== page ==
Belgian Air Component F-16s no longer take part in operations against IS-forces in Iraq. The six fighter aircraft and 120 personnel returned home on 2 July after ending their participation earlier in the week.

The Belgians had been supporting operations from October 2014, flying from an airbase in Jordan along with Dutch F-16s. The latter are continuing their effort, albeit with four aircraft instead of six used earlier.

The Belgians withdrew their aircraft since the government in Brussels did not allocate any more budget to the operation.

© 2015 Airheadsfly.com editor Elmer van Hest
Featured image (above):  A Belgian Air Component F-16. (Image © Marcel Burger)

Red Flag for big guys

For the past two weeks, Beja airbase in Portugal was the scene of multi national exercise European Air Transport Training (EATT15), organized by European Defence Agency (EDA) and European Air Transport Command (EATC). In other words: C-27J Spartan and C-130 Hercules galore in Portugal. This is Red Flag for the big guys.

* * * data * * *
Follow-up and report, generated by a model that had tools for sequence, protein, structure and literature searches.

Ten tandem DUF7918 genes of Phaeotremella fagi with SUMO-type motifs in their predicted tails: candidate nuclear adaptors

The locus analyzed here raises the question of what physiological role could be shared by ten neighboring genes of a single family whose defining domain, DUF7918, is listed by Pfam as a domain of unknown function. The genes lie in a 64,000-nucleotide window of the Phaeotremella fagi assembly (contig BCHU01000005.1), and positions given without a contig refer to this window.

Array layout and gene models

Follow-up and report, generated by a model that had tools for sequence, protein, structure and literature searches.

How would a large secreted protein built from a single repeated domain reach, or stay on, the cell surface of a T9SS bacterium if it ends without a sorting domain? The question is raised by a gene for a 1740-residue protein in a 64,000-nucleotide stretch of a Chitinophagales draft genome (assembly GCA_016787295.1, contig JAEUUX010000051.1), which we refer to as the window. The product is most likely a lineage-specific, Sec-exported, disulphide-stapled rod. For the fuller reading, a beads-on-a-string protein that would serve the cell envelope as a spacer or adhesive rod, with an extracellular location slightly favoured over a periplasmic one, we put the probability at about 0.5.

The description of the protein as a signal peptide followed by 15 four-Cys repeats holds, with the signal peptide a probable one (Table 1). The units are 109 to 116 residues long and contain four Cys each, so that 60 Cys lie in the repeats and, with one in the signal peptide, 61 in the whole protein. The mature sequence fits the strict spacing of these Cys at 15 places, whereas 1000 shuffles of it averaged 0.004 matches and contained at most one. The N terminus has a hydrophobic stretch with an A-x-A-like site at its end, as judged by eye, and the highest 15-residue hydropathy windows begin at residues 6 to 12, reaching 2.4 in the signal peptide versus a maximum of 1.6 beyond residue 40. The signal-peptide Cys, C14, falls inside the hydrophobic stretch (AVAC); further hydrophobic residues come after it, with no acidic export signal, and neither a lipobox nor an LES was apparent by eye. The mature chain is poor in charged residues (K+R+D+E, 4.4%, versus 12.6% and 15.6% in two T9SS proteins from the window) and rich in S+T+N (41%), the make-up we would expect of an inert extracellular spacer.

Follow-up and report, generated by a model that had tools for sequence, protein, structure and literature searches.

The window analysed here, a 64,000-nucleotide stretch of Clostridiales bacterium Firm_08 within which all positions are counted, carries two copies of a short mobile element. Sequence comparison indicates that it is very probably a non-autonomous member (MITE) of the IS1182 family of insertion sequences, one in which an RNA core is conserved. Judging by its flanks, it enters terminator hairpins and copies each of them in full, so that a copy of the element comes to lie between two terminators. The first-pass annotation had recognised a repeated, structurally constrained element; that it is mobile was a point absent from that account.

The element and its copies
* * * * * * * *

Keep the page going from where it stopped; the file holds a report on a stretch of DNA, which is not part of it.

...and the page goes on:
Taking part in EATT15 were Portugal, Belgium, Finland, France, Germany, Italy, Lithuania, Netherlands, Romania, Sweden and the UK, as well as observer countries Brazil, the United States and Poland. Next to C-27Js and C-130s, also present at Beja were Airbus C295s and C-160 Transall aircraft. In total, 20 transport aircraft and 2,500 military personnel were involved, not counting in three Portuguese Air Force F-16s and a sole P-3C Orion.

The EATT15 aims to train and prepare the crews of tactical airlift squadrons in order to guarantee their readiness for all kinds of operations within the European alliance. The concept of the exercise is to “provide joint training and ensure interoperability among the participating forces”, said Lt. Col. Laurent Donnet, overseeing EATT15 on behalf of the Belgian Air Component.